A bearded man dressed as a biblical prophet is pushing tours of the Holy Land. I see anti-abortion booths and evidence of fringe groups such as Jews for Jesus and Accuracy in Media, one of whose representatives hands me a report with the title “America Troops Cheer Attacks on U.S. Media.”
All the seminars and workshops are taking place on the upper floors. One seminar is entitled “Finding god in Hollywood.” Another is called “Invading Cities for Christ: The Thousand Day Plan.”
. . .
Bob Lepine, the round-faced co-host of Family Life today, a radio show broadcast from Little Rock, Arkansas, tells us that this session has been sponsored by the Family Research Council, a Washington think tank dedicated to promoting “the Judeo-Christian worldview as the basis for a just, free, and stable society.”
Editor’s note: Or an unjust, oppressive and unstable society if you are not a radical Christian evangelist.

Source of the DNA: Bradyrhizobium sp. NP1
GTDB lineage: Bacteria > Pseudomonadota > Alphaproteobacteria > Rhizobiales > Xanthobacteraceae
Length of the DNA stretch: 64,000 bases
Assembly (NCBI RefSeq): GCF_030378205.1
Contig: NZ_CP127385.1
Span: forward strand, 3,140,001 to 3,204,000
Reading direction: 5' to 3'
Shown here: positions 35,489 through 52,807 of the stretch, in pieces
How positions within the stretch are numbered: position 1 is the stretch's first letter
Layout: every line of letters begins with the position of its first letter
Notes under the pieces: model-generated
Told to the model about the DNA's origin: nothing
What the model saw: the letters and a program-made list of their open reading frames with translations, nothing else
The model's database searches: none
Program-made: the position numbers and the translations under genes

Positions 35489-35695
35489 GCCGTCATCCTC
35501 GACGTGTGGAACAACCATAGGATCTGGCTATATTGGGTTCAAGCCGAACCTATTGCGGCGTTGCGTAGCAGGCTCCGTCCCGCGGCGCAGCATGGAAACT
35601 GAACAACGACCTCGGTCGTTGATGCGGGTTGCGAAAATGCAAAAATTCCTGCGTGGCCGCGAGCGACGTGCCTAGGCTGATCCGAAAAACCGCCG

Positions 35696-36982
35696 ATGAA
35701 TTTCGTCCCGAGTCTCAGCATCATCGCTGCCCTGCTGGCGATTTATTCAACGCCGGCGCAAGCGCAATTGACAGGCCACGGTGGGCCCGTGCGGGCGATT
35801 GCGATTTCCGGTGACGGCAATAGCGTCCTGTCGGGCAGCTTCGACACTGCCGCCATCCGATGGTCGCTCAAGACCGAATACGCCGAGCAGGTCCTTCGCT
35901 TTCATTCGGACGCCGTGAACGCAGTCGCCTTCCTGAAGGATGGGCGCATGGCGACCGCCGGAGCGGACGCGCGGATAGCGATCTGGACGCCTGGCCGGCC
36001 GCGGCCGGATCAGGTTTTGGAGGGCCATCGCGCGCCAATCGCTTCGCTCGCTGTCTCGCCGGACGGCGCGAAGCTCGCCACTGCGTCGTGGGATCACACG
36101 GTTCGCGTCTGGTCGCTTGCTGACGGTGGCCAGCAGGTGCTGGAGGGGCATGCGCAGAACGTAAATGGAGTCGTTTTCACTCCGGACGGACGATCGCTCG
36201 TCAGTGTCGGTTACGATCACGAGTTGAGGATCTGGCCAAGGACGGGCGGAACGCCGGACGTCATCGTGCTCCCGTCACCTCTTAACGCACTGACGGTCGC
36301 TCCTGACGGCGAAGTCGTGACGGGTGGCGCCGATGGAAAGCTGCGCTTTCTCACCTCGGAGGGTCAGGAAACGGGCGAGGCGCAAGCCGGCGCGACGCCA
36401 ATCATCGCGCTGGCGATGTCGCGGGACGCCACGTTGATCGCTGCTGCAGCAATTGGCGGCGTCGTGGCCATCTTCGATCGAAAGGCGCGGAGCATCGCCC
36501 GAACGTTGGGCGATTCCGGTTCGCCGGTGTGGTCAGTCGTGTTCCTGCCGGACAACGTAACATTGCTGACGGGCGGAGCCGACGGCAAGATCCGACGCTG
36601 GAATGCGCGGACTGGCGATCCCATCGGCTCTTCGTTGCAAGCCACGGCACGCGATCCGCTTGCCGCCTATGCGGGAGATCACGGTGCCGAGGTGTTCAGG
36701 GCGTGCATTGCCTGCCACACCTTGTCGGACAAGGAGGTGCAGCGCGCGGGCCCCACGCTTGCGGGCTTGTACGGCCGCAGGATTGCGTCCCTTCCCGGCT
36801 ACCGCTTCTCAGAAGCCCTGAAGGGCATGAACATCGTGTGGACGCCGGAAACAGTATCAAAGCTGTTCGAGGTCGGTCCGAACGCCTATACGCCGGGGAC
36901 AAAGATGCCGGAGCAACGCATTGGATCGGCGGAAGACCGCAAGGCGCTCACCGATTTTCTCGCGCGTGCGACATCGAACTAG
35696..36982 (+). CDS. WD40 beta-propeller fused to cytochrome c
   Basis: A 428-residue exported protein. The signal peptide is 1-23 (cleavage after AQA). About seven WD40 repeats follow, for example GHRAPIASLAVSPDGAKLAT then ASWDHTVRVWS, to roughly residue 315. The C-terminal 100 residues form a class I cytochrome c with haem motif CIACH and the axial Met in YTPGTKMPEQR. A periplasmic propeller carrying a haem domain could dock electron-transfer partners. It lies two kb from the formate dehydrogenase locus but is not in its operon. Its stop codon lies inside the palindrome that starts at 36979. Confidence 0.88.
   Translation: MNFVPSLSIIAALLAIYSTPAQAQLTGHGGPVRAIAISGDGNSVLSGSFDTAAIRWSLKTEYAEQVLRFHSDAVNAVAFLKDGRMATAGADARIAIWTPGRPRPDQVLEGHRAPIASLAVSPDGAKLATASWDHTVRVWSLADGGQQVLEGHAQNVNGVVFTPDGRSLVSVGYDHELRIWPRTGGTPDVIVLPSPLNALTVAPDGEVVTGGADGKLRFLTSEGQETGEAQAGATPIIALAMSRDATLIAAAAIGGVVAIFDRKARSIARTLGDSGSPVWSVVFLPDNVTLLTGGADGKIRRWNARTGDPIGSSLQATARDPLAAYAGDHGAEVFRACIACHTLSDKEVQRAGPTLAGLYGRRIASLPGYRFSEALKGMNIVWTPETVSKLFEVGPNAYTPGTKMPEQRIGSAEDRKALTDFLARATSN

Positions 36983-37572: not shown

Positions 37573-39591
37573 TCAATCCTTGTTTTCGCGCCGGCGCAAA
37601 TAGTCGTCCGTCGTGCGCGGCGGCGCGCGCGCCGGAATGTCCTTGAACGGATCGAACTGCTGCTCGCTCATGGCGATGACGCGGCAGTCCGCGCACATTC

. . .
”Deep in the nation’s capital,” [the] baritone voice [of Tony Perkins, a telegenic man who authored the American History Preservation Act] booms as the camera pans across the Washington mall, “America’s culture was hijacked by a secular movement determined to redefine society from religious freedom to the right to life. These radicals were doing their best to destroy two centuries of traditional values, and no one seemed to be able to stop them – until now.
Will Congress undo 200 years of tradition?” the video asks ominously. “Not on our watch.”
The mood of the convention is set. All Christians, everywhere, are under attack.
. . .